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Dr. Hudis on Promising Treatment Strategies in TNBC

Clifford A. Hudis, MD
Published Online: Thursday, October 17, 2013
Clifford A. Hudis, MD, ASCO president, chief, Breast Cancer Medicine Service, attending physician, Memorial Sloan-Kettering Cancer Center, discusses the challenges and recent advancements of treating patients with triple-negative breast cancer (TNBC).

Although TNBC has always been understood and recognized, it continues to be a focal point of research and represents one of the remaining prominent challenges in breast cancer, Hudis says. While all types and stages breast cancer has challenges, physicians and researchers have failed to make large strides with targeted therapies in TNBC compared to hormone receptor-positive disease and human epidermal growth factor receptor-positive disease.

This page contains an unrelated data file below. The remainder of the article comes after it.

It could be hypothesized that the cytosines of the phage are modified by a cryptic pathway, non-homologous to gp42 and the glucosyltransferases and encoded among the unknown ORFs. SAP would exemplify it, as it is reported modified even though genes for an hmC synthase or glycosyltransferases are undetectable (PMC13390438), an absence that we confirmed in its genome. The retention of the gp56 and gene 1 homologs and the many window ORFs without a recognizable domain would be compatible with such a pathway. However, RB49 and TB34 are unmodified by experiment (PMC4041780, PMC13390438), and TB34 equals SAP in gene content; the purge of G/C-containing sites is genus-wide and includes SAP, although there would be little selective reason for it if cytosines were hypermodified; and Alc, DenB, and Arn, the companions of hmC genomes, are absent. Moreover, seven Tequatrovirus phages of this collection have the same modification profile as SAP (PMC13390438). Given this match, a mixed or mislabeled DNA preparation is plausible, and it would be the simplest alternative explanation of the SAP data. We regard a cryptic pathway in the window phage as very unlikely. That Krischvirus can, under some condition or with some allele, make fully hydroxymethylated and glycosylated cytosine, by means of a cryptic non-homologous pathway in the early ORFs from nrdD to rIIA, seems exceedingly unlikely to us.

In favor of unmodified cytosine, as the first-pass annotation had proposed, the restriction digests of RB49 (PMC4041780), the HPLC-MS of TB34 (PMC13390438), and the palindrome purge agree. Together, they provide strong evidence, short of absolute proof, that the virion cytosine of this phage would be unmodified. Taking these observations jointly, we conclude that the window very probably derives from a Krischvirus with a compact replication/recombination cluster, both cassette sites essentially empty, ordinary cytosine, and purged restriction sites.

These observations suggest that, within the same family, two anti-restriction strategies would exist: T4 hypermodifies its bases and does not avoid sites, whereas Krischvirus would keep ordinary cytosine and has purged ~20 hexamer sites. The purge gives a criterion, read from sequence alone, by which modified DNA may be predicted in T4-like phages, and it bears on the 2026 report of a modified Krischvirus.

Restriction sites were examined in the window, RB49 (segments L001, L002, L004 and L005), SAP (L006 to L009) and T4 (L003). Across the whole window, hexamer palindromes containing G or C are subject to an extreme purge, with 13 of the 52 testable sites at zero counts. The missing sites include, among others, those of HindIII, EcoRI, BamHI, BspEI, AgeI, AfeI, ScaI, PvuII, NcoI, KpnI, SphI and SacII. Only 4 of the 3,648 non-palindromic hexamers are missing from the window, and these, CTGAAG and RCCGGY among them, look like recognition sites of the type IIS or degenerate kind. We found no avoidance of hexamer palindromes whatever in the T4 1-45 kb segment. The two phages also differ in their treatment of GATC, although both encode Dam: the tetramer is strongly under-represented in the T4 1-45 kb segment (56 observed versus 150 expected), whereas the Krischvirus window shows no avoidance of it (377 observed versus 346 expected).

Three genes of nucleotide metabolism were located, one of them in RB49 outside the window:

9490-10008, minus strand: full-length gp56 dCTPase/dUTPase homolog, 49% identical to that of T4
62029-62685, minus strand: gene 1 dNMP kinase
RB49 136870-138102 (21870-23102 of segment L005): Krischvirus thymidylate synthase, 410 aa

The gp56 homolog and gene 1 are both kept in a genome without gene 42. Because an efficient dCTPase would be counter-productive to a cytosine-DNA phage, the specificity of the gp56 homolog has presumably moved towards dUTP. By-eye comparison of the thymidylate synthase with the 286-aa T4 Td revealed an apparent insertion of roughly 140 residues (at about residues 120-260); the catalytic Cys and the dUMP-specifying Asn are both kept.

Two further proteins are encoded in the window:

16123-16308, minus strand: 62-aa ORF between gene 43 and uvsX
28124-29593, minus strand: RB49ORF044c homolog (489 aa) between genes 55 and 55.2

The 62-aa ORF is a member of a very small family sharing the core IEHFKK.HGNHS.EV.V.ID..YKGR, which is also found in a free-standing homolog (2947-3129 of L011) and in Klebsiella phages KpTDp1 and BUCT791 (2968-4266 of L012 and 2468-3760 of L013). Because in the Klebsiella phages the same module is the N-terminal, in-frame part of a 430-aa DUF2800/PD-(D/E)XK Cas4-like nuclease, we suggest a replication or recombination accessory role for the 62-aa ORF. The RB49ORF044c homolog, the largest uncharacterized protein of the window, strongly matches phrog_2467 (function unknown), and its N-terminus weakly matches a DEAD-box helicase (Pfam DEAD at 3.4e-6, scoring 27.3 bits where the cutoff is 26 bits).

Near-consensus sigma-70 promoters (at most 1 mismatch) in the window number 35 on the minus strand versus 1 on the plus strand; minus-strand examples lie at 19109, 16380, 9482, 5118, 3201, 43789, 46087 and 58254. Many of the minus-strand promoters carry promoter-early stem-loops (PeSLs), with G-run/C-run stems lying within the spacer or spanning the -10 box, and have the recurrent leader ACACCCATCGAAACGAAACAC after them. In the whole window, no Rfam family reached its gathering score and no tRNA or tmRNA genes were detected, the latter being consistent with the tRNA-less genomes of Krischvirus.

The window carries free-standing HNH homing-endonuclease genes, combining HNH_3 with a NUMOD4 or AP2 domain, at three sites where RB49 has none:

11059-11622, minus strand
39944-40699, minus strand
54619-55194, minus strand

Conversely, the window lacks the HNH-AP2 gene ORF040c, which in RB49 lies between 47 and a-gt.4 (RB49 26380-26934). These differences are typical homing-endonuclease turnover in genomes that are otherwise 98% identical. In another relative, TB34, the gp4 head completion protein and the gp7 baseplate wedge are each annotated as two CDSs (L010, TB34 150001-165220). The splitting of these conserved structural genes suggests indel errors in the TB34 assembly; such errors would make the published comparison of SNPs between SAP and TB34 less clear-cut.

Hudis says researchers struggle with TNBC because they are unsure if it is a single entity or if it is another collection of subtypes of breast cancer that might be amenable to targeting. Drugs must also be developed to address the totality of TNBC or at least change outcomes for a number of identifiable subsets.

But advancements are being made in the field. Hudis says there is a focus on the small proportion of patients with TNBC that express the androgen receptor (AR). AR-positive TNBC may be a subtype of the disease where researchers can focus on one type of therapy -- a non-toxic hormone treatment.

If researchers can detect the presence of AR in a triple-negative tumor using a conventional Dako IHC stain, bicalutamide can be used to give these patients a 20% chance of long-term disease stabilization, Hudis says.

Although this treatment is only temporary and not a cure, Hudis says, it is an important advance in TNBC.
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